After the mess that was Salt Cellar, the nouveau Cathedral Hill steakhouse that fizzled before it could gain any traction, we were curious what owners Joe Kasel and Kevin Geisen would do with Fitzgerald’s, a new, more casual concept for the space.
Since Kasel and Geisen are also responsible for Ox Cart Ale House, another initially ambitious project that’s flattened out into a middling sports bar concept, we were, frankly, skeptical. Fitzgerald’s was billed as a bar-centric place serving nachos and chicken wings, so we figured there wasn’t much to get excited about.
But then we got a sneak peek.
The gorgeous space got a light remodel, scrubbing it of some of its luxe. The dining room fireplace was moved in order to make room for a larger bar area, a few TV screens were installed, and the scaffolding has been exposed, giving it an industrial feel. Goodbye, extravagant steakhouse, hello, neighborhood bar.
They were wise to tap Graham Messenger, a chef with a long, long pedigree of fine dining, including time at A Rebours, Doug Anderson’s pre-Meritage French-style bistro in the Hamm Building, W.A. Frost, and Heartland. Messenger seems absolutely gung-ho about bringing his talents to a bar food menu, and from what we tasted, we’re pretty gung-ho about eating it. Of course, we’re reserving fair judgement for when the doors open and the throngs arrive.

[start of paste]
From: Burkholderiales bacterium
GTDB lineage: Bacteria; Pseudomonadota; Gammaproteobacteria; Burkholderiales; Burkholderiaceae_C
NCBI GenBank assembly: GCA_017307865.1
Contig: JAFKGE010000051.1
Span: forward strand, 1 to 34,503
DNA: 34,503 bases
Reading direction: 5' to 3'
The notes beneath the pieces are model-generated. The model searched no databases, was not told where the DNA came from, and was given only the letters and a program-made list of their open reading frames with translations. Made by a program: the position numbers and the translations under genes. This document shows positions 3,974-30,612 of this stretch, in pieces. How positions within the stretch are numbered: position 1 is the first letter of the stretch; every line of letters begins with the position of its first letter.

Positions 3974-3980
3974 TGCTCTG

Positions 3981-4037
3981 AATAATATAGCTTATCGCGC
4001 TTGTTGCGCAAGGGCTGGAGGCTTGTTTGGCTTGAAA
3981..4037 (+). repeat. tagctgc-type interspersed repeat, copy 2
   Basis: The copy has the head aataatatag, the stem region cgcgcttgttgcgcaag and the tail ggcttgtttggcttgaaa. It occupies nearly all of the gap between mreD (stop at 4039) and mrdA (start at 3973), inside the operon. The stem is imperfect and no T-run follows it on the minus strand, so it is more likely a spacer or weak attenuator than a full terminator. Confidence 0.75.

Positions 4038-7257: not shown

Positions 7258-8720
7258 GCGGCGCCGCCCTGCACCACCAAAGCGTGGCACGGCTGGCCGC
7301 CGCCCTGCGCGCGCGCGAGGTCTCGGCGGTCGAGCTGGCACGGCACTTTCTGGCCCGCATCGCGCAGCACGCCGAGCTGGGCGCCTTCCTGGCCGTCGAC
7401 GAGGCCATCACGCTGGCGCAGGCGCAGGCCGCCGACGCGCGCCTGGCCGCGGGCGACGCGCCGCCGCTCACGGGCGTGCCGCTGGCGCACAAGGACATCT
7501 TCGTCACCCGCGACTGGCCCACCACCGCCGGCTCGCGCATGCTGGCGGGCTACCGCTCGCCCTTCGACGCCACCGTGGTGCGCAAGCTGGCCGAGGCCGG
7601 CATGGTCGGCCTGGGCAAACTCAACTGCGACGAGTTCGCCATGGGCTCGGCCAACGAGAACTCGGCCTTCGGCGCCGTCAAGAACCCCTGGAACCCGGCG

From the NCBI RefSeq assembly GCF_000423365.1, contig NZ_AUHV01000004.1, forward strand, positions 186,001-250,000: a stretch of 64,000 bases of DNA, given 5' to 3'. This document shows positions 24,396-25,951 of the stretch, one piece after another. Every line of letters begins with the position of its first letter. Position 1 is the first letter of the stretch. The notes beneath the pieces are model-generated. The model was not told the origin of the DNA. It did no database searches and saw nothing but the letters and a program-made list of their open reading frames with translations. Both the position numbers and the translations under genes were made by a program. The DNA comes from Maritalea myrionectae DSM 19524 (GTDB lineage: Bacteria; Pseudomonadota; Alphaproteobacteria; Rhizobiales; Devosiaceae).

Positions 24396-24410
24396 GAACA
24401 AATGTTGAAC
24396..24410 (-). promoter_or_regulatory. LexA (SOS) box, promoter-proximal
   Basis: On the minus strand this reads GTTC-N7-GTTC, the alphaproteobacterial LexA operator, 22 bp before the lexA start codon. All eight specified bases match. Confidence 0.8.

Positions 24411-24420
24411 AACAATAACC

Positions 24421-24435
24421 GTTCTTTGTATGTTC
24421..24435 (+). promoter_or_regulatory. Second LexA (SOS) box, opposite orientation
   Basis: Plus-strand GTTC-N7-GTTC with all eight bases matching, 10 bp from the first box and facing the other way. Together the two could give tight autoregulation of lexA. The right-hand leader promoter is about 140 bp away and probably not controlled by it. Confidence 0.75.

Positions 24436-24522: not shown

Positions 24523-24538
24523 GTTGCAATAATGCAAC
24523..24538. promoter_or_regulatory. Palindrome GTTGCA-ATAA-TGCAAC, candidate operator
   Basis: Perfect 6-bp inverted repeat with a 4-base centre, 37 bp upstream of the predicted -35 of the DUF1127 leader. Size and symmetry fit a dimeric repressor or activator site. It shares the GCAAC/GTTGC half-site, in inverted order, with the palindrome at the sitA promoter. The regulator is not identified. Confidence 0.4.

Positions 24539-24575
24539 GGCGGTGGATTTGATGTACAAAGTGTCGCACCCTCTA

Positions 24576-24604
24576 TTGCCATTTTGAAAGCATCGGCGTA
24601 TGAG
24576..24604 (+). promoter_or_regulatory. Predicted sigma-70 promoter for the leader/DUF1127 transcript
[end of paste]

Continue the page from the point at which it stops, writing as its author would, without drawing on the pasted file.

That said, he’s taken the lowly jalapeno popper to fine-dining heights, filling these lava-like torpedos with bechamel and a fine brunoise of jalapeno. Or check out the nachos, which are more like big, delicate tostadas, with your choice of house-pulled braised beef or pulled chicken, finished with housemade cheese sauce. Or how about the fried St. Louis-style ribs, braised and then deep fried like a buffalo wing?
Seems like every little thing has been thought about, tinkered with, and repurposed in a way that won’t let bar food sit in its regular old pile of wan grease.
Messenger has also worked in a few wild cards too, like deep, funkily spiced beef kofta with tzatziki, and a French onion soup that he's particularly proud of, with a chicken stock that coaxes gelatin from chicken feet through long, slow braising. And only real Gruyere will grace the crouton’s top.
There are burgers, naturally, and even a bunch of freewheeling pizzas, using an excellent dough sourced from nearby St. Agnes Bakery, and toppings like Spanish chorizo and caramelized onion.
A couple of steaks have remained, including a hangar steak with frites, and a Steak Au Poivre, that Messenger says is a remnant from his A Rebours days. The good news is, they’re both nicely priced, at $17 and $18, a far cry from Salt Cellar’s eye-popping Piedmontese beef price points.
The bar is informed by craft cocktails, including the Bruiser, a manly boozer of a drink, with smoky mezcal, maple, and bourbon, and a St. Paul Sour, a girlish, blush pink riff on a classic whiskey sour, getting its color from a whiff of red wine.
The owners have merged with the entities behind Handsome Hog and Public Kitchen and Bar. It will be interesting to see if the kitchens can keep up with their enviable real estate. Ox Cart has the only rooftop bar in Lowertown, and Fitzgerald’s is of course situated in the tony Cathedral Hill neighborhood, taking its name from the author who made the St. Paul area his stomping grounds.
Opens Wednesday, October 19
173 Western Ave. N., St. Paul